The Real Deal New York

Coltown Properties expands apartment holdings with $31M Washington Heights portfolio

January 12, 2012 05:30PM
By Adam Pincus

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From left: 75 Fort Washington Avenue, 3880 Broadway, 3820 Broadway, 545 West 162nd Street, and 540 West 157th Street

Manhattan multi-family investors Israel Weinberger and Steven Neuman’s Coltown Properties closed on their second major acquisition in three months with the $31 million purchase of five Washington Heights rental buildings comprised of 217 apartments and 12 stores, several people familiar with the deal said.

Coltown and its financial partner Phoenix Capital closed on the purchase from long-time owners, sisters Elise and Mary Rodino, on Nov. 29, according to Timour Shafran, managing partner at Citicore and a broker on the sale.

The portfolio of elevator buildings was comprised of 75 Fort Washington Avenue, with 57 units; 3880 Broadway, with 35 units; 3820 Broadway, with 38 units; 545 West 162nd Street, with 43 units; and 540 West 157th Street, with 44 apartments.

The properties had more large apartments than is typical, Shafran said. Of the 217 units which sold for an average of about $143,000 per unit, 167 were two-, three-, four-, five- and six-bedroom apartments. In addition, the Broadway properties have a total of 12 stores. The sale has not yet appeared in public records.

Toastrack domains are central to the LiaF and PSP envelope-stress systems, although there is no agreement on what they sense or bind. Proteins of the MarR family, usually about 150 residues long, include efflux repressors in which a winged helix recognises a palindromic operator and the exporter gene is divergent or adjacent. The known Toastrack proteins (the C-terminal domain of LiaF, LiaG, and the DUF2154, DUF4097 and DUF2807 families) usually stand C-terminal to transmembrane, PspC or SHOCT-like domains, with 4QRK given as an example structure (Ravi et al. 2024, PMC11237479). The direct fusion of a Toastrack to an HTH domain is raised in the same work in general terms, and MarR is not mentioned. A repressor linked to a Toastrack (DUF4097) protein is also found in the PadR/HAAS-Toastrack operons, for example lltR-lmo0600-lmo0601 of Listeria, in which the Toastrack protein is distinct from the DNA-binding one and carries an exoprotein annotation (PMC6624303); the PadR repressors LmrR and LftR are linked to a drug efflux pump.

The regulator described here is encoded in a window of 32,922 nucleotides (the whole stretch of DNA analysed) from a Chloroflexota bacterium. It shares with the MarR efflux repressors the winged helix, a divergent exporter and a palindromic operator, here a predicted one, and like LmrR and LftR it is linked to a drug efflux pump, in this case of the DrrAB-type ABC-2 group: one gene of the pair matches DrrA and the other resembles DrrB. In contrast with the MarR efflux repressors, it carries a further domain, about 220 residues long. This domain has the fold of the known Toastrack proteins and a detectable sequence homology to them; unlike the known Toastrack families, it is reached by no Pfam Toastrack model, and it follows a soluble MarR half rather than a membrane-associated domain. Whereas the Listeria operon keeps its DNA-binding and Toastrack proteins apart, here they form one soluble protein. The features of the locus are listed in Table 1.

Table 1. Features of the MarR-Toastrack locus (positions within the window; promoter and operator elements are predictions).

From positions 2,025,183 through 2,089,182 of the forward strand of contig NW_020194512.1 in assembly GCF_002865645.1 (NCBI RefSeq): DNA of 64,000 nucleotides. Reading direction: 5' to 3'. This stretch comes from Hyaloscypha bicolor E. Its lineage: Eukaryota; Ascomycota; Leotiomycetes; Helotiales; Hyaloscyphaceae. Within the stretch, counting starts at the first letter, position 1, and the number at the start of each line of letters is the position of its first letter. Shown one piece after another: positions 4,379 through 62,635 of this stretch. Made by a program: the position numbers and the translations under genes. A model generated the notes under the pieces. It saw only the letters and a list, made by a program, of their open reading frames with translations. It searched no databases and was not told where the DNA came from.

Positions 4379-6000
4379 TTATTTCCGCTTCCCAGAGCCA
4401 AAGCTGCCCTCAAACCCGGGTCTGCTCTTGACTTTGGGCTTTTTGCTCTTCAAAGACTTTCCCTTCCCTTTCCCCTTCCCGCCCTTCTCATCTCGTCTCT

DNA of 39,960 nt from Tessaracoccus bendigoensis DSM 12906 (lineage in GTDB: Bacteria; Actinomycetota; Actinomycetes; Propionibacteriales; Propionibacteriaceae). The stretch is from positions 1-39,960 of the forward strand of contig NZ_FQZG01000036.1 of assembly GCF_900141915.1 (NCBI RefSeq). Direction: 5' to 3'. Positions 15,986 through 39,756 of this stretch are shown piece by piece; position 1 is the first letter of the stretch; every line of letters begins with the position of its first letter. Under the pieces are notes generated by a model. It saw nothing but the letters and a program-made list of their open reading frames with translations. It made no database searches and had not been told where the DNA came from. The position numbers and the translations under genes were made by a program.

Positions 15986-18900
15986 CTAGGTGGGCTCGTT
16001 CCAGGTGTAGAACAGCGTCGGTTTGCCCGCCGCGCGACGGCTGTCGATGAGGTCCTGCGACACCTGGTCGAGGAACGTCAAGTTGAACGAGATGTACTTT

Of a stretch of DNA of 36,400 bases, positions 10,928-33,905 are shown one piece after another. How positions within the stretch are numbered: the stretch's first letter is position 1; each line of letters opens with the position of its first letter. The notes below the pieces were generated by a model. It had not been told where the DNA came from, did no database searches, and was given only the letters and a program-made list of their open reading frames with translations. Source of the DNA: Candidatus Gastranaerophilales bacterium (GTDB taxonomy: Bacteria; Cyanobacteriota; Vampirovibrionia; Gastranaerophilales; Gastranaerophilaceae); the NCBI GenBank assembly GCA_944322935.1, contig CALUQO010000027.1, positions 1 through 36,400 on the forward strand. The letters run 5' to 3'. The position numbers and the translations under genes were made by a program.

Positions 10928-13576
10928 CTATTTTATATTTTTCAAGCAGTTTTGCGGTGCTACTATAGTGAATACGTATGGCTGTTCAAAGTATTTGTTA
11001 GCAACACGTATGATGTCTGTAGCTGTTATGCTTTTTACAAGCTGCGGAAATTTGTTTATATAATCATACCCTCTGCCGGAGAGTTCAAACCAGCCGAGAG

There was only $61 million in elevator apartment building sales in the first three quarters of 2011 in Northern Manhattan, the most recent data from Massey Knakal Realty Services shows.

Last October, Coltown, based on the Lower East Side, purchased the Lionel Hampton Houses in Harlem from Rubin Schron’s Cammeby’s International Group for $32.5 million.

Shafran and Gem Algan, also a managing partner at Citicore, picked up the assignment to be the exclusive seller’s broker last spring, and Coltown signed the purchase contract in the summer, Shafran said. Shafran and Algan were formerly with brokerage Capin & Associates.

Mary and Elisa Rodino first put the properties on the market in 2008, and were offered, according to Shafran, $40 million for the buildings, but passed on the deal expecting higher offers later.

Shafran said there was a potential for making the properties far more profitable.

“The apartments are huge and they have never been ‘worked,’” he said, referring to owners trying to get the maximum rents possible. “The assets are untouched. The landlord was just maintaining the properties,” he said.

 

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